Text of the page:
Shockwave Supernova

Joe Satriani

Like the explosion of a genuine supernova. How easy the master made it to describe the opening to his new disc, the heart and soul of the great guitarist's set on his umpteenth world tour. This is Satriani for all tastes, from the hardest rocker to the purely virtuoso. With nothing to prove now, a song like Crazy Joey is a delight albeit not suited for everyone who may dare to follow him. But the instrumental prowess displayed in On Peregrine Wings is, like the album title, something otherworldly, only for those who know how to surf with an alien

Fifteen albums and all of them good, but his most recent one is a truly well-rounded disc. In addition to a repertoire of his recognized skills well worth discovering, Joe Satriani has tapped into the heaviest side of his musical personality. Rock has always been his main point of reference and, in fact, half of the guitarists in the heaviest groups in the universe, from Metallica to Dream Theater, have studied with him. Steve Vai is another story. He's another extraterrestrial.

But instead of becoming a household name, Satriani preferred to take chances playing the songs of other artists without losing his identity. To settle for being just another blues legend, if you'll pardon the expression, wasn't enough for someone whose hero growing up was Jimi Hendrix. His brief stint with Deep Purple was memorable and this writer can testify to that, but he outgrew it. For more proof of his passion for the hardest side of the rock world, look to his role as a producer of death metal.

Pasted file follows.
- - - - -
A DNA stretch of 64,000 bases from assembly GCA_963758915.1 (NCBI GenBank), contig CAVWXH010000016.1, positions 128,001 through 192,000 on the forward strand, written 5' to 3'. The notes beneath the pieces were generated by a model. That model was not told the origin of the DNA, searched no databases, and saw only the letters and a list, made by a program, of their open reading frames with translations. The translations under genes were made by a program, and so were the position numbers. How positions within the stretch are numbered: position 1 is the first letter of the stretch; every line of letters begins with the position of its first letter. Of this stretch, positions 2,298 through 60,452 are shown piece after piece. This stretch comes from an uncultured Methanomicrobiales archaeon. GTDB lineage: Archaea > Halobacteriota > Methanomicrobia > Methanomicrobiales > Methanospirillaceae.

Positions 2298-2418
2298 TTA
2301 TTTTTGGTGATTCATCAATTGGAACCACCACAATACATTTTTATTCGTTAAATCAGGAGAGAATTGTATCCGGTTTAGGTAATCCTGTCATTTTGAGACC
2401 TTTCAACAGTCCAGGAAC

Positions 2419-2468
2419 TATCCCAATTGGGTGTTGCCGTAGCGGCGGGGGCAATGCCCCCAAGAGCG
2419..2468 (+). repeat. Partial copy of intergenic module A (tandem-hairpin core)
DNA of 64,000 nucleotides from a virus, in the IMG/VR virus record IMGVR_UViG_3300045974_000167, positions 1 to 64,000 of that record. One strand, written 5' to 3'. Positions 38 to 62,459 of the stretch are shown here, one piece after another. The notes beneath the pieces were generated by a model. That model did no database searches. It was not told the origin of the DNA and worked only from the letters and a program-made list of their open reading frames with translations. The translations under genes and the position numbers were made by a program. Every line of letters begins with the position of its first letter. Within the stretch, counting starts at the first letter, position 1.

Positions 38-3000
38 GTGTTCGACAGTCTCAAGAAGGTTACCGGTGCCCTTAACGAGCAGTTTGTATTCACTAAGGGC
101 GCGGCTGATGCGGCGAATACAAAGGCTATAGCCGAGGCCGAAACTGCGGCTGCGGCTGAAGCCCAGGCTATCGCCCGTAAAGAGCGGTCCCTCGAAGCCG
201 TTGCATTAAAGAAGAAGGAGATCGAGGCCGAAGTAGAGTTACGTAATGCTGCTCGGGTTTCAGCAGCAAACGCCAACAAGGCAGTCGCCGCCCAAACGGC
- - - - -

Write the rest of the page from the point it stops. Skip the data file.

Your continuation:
With all that said or, better still, written, the time has come to complete the portrait of Joe Satriani as rocker deluxe. His new disc wraps all his power within a silk veil. The rhythm section of the Aristocrats -drummer Marco Minnemann and bassist Bryan Beller- combined with Mike Keneally's proficient keyboards will put the low end of your system to the test while that guitar rips through the air with solos that cut sharp as a knife. Like the bursts from a supernova.

However, Satriani's bursts don't burn. His eclecticism has enabled him to live on the fringes of chart success, where it has always been difficult to flourish with instrumental albums that in his case fulfill their role to accompany, not disturb, perfectly. His great virtue is having earned the respect of both the leather & studs heavy brigade and the acclaim of the general public who fills his concerts. That is something no can dispute he earned through his own hard work.

Of course, Satriani also leaves room for a pair of those ballads where he sustains his notes out to infinity, songs one sector of his fans loves to death while the rest take the opportunity to wander off looking for another beer. They sound as forced as the name of one of those moments of peace in the midst of all the cosmic bursts: Stars Race across the Sky. He certainly didn’t rack his brain too hard.